Now you are ready to point your terminal.
The first physical tool you should use is a level to ensure that your terminal base is as level as possible. This is extremely critical for assisted acquire terminals as many auto acquire terminals have a leveling feature. Leveling will safeguard you from missing the satellite as the dish is rotated.
As previously stated, the look angle is the angle between the ground plane of the terminal and the satellite itself. This measurement can be done using a simple compass ruler and plumb line, or a mechanical inclinometer such as is displayed in the figure below. These tools would be attached to your terminal and you would directly read off the angle. Additionally, depending on your system, your terminal could have an integrated electronic inclinometer that works with the system’s GUI. One caveat of measuring the elevation is that you must account for any offsets of the feed horn from the center axis and either add or subtract the difference, accordingly.
Measuring the azimuth is another relatively straightforward calculation that is accomplished by using a compass. There are many types of compasses and it doesn’t really matter if you use a traditional floating needle compass or a digital compass. However, you must account for the magnetic declination when taking a compass bearing. The magnetic declination is the difference between true north and magnetic north.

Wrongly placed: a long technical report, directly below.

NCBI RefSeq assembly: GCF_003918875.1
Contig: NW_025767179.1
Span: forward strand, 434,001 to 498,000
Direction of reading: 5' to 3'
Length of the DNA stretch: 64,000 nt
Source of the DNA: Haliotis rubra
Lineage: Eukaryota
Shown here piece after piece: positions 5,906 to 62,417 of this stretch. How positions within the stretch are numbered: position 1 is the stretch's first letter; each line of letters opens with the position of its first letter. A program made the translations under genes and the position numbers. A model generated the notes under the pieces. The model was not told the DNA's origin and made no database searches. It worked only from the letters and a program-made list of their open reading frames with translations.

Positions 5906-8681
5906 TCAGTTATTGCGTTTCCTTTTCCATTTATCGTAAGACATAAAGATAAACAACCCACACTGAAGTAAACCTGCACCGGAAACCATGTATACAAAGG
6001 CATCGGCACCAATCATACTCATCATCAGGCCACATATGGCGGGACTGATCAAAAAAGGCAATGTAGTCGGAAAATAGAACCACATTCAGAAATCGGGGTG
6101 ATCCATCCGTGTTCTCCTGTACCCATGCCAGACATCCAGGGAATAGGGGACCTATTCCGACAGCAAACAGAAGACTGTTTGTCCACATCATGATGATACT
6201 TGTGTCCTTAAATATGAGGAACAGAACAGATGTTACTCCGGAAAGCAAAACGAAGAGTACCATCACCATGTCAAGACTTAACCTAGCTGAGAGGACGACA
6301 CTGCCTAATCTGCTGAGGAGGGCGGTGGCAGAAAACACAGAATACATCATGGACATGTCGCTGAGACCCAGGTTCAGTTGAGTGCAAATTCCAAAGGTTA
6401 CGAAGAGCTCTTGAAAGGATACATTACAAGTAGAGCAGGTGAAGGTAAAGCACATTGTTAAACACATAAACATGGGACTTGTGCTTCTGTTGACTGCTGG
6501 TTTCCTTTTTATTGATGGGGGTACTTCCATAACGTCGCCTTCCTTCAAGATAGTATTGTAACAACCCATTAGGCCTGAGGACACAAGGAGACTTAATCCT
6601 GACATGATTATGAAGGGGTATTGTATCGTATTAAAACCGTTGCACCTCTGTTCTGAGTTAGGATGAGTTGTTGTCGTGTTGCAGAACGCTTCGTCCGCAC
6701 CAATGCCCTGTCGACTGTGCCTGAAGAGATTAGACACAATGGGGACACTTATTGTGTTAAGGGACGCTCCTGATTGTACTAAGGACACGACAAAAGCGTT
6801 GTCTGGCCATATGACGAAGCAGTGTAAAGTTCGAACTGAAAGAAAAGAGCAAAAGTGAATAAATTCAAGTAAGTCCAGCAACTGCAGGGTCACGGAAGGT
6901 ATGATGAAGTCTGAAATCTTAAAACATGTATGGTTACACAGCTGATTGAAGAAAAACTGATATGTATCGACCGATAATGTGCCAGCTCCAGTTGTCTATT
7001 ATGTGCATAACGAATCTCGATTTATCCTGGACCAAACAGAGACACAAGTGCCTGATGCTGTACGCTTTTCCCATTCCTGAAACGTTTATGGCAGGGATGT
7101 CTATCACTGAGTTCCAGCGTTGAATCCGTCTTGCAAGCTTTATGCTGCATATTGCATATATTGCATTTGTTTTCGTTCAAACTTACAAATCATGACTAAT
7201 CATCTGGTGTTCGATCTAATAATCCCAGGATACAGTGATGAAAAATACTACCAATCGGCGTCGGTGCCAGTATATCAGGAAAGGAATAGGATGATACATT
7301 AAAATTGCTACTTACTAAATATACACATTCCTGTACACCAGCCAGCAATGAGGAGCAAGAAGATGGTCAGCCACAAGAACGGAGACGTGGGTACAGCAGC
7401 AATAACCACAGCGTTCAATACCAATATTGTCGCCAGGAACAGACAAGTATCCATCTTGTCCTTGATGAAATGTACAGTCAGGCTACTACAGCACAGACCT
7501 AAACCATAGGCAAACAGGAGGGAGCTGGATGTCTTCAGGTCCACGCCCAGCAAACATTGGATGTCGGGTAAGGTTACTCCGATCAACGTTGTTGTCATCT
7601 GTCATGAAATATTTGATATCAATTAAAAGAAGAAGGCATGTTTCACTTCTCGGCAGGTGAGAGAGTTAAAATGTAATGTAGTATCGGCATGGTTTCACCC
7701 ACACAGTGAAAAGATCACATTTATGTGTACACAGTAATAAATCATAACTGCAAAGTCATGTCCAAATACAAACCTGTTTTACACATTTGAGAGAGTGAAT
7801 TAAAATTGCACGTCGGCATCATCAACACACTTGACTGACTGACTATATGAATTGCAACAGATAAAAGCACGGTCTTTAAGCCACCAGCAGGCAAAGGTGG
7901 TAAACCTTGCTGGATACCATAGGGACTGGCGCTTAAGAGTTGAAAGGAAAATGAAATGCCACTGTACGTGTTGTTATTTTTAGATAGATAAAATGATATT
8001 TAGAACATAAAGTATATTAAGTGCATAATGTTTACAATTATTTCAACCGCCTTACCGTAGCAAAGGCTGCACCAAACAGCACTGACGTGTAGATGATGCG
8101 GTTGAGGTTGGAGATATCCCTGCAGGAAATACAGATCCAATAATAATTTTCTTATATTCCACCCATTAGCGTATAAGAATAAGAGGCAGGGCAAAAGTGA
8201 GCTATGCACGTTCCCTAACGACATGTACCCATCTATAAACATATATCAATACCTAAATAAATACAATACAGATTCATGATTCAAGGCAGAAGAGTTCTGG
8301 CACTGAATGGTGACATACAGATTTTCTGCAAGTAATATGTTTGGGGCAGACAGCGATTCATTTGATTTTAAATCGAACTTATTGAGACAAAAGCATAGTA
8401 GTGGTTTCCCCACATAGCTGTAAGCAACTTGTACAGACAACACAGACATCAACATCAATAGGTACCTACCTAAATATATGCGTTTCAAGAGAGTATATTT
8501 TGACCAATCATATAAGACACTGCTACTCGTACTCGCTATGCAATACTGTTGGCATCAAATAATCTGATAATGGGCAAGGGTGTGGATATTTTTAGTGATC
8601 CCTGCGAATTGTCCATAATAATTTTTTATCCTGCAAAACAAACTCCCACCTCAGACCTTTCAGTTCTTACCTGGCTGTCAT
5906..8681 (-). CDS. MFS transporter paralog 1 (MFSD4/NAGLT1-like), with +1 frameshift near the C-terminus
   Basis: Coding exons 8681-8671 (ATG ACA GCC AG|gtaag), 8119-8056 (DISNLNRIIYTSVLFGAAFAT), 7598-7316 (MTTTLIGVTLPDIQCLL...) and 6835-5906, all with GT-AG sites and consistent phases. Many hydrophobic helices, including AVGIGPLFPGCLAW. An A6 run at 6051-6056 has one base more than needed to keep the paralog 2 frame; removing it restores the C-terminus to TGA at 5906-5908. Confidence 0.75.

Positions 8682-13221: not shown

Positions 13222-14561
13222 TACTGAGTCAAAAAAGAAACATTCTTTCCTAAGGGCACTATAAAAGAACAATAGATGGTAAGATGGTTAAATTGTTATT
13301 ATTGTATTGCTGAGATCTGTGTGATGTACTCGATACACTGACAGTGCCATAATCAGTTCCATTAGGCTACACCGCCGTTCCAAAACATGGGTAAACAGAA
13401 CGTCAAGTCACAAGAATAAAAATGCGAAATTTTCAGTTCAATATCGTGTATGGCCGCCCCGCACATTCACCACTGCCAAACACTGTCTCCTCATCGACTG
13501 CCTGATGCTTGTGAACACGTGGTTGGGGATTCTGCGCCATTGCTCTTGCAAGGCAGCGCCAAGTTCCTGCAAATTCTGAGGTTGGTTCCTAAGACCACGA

The satellite calculator, compass and inclinometer are standard tools to use to get your terminal aligned and pointed in the general direction of the satellite. Once pointed, you then need to fine-tune these measurements to actually acquire the satellite. The following will help you accomplish this task.
Signal Meters or Power detectors are quite inexpensive. These tools will measure the relative power of a satellite signal and give you an indication of whether your terminal is pointing to a satellite. Unfortunately, a disadvantage of a signal meter is that they cannot tell you which satellite you are targeting. However, if you know the location of a reference satellite, you should be able to rotate the dish along the orbit, counting the satellites that you have detected until you reach the desired satellite.
Spectrum analyzers are a step up from signal detectors. Similar to signal meters, spectrum analyzers will indicate that you are on a satellite and you can adjust your terminal to that signal. However, just like a signal meter, a spectrum analyzer will not tell you which satellite you are on. However, each satellite does have a particular signature and, unlike a signal detector, you can view these signatures with a spectrum analyzer.